The Bluebird from American Express is a checking account/debit card alternative with a lot of great features that can save you money and earn points in the process, and for all you new readers out there, I thought it was about time for a quick refresher post on Bluebird and all the ways it can help you maximize your points – especially as tax season approaches.
There are several ways to fund your Bluebird account including direct deposit, cash deposit refills at Walmart, and also by buying Vanilla Reloads cards that some merchants (like CVS, 711 and Walgreens) allow you to purchase with points-earning credit cards.
While there is a $3.95 fee for Vanilla reloads of up to $500, you can earn a minimum of 500 points if you purchase them with a points-earning credit card. In other words, for every $1,000 you are spending on Vanilla Reloads, you’re paying $7.90 in fees – so you are essentially you are “buying” miles for less than 8/10th of a cent each. If those points are super valuable like Starwood Preferred Guest points, or United miles, which you can easily redeem for values well over 2 cents each, you are coming out way ahead.
As you can read below, there are a number of uses for the Bluebird card such as paying bills that you normally can’t use a credit card for, like rent, car payment or a mortgage. So without further ado, here are the top reasons you should have an Amex Bluebird card.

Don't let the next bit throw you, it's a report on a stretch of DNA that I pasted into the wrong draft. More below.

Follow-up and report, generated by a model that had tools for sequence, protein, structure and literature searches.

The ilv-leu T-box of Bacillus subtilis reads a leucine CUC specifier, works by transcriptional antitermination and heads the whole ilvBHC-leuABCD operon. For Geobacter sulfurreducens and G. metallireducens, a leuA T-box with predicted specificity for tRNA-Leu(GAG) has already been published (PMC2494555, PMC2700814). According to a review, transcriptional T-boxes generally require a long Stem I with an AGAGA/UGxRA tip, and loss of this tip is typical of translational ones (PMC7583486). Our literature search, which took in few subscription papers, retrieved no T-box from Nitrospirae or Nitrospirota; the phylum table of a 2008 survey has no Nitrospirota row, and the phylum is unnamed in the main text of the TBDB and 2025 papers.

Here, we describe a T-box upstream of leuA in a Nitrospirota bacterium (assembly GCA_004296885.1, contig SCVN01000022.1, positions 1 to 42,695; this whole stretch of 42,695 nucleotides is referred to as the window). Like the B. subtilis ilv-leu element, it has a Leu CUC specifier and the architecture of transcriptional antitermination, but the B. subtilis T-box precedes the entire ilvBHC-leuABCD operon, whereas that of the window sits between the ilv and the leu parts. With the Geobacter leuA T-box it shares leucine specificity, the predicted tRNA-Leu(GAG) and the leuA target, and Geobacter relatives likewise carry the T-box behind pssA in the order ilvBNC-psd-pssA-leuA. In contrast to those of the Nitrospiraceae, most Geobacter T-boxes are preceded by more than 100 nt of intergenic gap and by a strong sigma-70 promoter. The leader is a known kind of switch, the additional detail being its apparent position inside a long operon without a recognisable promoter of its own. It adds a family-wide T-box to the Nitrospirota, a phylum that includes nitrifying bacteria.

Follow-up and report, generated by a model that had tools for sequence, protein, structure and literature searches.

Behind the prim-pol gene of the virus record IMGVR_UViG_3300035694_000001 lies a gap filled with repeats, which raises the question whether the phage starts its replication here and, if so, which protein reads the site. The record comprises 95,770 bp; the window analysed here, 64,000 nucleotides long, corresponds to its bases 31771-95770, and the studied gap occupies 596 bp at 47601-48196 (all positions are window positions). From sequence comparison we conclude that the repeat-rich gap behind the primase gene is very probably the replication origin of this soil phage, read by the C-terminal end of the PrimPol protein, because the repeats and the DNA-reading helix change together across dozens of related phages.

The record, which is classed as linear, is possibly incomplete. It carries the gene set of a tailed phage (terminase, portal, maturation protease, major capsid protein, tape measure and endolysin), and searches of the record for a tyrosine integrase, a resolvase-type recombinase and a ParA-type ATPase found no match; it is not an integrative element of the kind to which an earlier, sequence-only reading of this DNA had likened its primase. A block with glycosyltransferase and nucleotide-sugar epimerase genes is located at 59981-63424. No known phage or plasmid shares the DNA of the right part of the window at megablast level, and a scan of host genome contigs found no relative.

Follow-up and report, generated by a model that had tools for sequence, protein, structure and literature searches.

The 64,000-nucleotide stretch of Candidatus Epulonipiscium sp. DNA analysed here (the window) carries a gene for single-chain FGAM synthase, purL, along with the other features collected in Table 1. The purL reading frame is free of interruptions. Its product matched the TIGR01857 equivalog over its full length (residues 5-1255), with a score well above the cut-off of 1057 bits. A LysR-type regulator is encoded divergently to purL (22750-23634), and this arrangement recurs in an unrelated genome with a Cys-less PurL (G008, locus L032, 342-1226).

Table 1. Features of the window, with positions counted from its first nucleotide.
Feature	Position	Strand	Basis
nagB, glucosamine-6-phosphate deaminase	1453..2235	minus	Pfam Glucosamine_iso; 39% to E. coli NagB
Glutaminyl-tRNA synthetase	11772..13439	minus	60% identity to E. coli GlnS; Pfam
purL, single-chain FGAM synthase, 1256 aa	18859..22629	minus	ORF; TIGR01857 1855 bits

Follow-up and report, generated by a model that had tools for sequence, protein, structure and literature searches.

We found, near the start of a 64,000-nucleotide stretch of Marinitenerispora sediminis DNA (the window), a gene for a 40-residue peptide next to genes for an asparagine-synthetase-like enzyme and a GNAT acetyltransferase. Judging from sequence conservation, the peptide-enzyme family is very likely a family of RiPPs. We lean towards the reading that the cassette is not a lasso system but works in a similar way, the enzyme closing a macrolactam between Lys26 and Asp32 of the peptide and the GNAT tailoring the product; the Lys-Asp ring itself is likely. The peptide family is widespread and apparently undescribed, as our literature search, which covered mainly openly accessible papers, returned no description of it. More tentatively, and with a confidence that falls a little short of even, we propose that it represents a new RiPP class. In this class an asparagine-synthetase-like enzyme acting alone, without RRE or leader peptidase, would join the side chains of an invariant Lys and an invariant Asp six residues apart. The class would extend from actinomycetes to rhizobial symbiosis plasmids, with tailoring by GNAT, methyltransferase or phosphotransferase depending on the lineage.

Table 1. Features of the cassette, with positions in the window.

1. It Is Easy: Bluebird’s motto is, “Loaded with features. Not fees.” That includes no charges for opening an account online, overdraft, inactivity, card replacement, foreign transactions, and no annual or monthly fees – you can’t get easier than that.
To sign up for the card, visit the Bluebird site and click the button to “Register Now.” You will be brought to a registration form asking for your information to create an account. After you register online you will receive a permanent Bluebird card in 7-10 business days, which you must activate within a certain period.
You can also buy a temporary Bluebird card starter kit at Walmart for $5 that you can fund with up to $500 using a debit card and then will have to register the card on Bluebird.com. Since it’s not necessary to have the temporary card, I would recommend just signing up directly on the site. Another way to sign up is to download the Bluebird Mobile App on your smartphone and register through there.
2. No Credit Check: Passing a credit check can sometimes be as nerve-racking as taking an exam or a driving test, but because the Bluebird is a checking account/debit card alternative, it does not require a credit check. When registering for an account the only information you need to provide is your first name, last name, address, email, and phone number. Your social security number is not even requested.